"We could feel Lacey's presence," Denise said. "The way people have supported our cause is breathtaking to me."
If only Harrisburg would do the same. Thanks to plenty of lobbying on the part of advocates for restrictions on teen drivers, our esteemed legislators know - and appear to be willfully ignoring - what many parents don't know, which is this:
Teen-driver crashes are the leading cause of death among teens.
In fact, 16-year-old drivers have crash rates three times higher than 17-year-old drivers and five times higher than 18-year-old drivers - because the part of the brain affecting risk-taking behavior and judgment isn't fully developed until we're closer to our 20s.
Most teen-driver crashes are caused not by drugs, booze or deliberately risky behavior but by distractions and/or inexperience - and one of the biggest distractions is the presence of other teens in the car. The more teens in the car, the higher the risk for a fatal crash - up to five times higher when two or more teen passengers are in the car.
These findings are not anecdotal but are supported by solid evidence collected by the Keeping Young Drivers Safer project - a massive effort by researchers at Children's Hospital of Philadelphia, the University of Pennsylvania and State Farm Insurance Cos. to reduce teen-driver crashes.
In states where restrictions on teen driving have gone into effect, teen-caused crash fatalities and injuries have plummeted.
In the last four years, three bills have been introduced in Harrisburg that incorporate what we now know about teen driving. The bills would require teens to have more experience driving in inclement weather before getting their license and also would restrict the number of teen passengers allowed in a car driven by a teen.
The bills have gone nowhere.
The first bill, introduced by Rep. Kathy Watson, R-Bucks, died in session. The second, lobbied by Rep. Joe Markosek,
D-Allegheny, passed the House but is saddled with so many controversial amendments, it'll be a miracle if it ever makes it out of the Senate Transportation Committee, where it's slumbering peacefully. A third, introduced by Watson, seeks to pick up where her failed first bill left off. It's also stalled.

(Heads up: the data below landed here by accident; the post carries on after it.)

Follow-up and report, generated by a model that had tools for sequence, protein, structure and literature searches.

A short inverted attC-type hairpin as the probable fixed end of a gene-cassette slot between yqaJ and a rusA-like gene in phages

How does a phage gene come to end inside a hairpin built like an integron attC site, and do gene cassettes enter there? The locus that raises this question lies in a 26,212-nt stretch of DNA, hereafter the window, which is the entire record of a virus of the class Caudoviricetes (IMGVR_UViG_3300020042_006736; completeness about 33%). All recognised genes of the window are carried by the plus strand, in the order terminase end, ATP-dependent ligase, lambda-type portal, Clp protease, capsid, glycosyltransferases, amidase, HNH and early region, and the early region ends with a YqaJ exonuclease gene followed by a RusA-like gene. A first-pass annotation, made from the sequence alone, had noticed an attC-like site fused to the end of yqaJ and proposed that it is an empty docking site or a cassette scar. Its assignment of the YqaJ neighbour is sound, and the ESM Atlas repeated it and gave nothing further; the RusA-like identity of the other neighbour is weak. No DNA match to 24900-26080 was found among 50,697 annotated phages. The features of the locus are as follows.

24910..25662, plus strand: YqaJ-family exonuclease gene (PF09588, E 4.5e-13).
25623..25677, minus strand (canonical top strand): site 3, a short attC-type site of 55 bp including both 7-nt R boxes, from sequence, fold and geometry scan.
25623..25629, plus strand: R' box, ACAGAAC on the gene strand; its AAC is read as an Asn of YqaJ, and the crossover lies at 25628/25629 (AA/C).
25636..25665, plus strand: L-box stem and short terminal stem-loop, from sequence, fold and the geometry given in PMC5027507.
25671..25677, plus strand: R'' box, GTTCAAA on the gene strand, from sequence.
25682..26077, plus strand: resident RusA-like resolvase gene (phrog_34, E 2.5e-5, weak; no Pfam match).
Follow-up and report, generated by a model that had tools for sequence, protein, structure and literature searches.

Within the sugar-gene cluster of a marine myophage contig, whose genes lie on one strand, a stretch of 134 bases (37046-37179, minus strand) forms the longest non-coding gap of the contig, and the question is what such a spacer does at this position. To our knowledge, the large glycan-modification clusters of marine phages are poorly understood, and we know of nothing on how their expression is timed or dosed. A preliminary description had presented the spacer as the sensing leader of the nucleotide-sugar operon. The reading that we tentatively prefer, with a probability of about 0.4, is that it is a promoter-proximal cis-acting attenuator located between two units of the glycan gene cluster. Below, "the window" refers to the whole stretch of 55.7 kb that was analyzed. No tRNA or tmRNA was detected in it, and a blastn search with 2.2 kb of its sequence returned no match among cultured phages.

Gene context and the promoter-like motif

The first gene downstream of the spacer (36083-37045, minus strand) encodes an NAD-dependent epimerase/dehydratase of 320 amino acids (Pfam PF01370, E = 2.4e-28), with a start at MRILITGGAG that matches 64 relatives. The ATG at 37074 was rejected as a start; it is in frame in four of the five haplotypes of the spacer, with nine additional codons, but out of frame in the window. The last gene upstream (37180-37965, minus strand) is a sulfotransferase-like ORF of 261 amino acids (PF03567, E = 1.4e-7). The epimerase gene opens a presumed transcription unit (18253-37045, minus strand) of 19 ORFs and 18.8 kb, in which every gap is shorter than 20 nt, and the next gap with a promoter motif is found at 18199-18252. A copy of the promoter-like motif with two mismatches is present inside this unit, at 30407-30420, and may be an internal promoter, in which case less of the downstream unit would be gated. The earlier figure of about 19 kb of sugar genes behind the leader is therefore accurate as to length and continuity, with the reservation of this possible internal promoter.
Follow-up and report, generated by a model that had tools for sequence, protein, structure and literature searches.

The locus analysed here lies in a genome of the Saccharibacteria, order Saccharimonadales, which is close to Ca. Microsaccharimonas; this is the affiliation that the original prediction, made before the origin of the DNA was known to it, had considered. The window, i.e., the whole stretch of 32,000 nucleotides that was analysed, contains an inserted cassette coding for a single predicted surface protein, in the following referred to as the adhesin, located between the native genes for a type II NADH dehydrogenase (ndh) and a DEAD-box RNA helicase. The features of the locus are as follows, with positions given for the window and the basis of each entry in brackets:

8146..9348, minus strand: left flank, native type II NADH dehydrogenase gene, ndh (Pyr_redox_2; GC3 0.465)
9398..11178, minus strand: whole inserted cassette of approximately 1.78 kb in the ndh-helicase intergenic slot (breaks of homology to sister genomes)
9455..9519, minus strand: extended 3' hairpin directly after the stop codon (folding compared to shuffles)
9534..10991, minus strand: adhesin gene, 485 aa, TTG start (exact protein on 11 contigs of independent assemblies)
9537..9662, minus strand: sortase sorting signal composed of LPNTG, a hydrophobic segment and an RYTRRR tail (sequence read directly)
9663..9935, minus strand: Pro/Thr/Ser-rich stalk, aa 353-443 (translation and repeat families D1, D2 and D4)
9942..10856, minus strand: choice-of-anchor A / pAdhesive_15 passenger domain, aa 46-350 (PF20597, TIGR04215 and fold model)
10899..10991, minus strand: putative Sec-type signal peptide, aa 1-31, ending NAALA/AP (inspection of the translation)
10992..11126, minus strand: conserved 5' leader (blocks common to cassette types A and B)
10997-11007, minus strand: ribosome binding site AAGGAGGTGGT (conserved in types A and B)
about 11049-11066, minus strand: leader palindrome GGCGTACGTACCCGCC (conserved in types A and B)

"Now that the budget has passed, maybe we can get some traction," Watson told me yesterday, sounding frustrated. "The research supports every single restriction we're pushing for."
If the Gallaghers had known any of the research, Denise said, they never would have allowed Lacey to ride with six other teens in a car driven by a 17-year-old on a foggy, rainy, late-night post-prom ride up the Pennsylvania Turnpike. When the car hit a cement lane divider and flipped, Lacey was thrown from the car and died. The others were seriously injured.
If restricted teen-driving laws had been in effect, Lacey would be preparing to turn 21 two weeks from now. Instead, those who loved her are throwing fund-raisers in her name, to keep her memory alive.
If seat belt laws have made us safer, and child-safety-seat laws have made kids safer, why can't we pass teen-driving laws that will keep teenage drivers safer - and us safer from them?
"If I'd know then what I know now, I'd never have let Lacey get in that car," said Denise. "I live with the guilt of that every day."
While her lack of knowledge can be forgiven, Harrisburg's lack of action is unforgivable.
For information on how to support the passage of restrictions on teen driving in Pennsylvania, go to www.thelaceyfund.org and click on "Promise to Lacey."
E-mail email@example.com or call 215-854-2217. For recent columns:
http://go.philly.com/polaneczky. Read Ronnie's blog at http://go.philly.com/ronnieblog.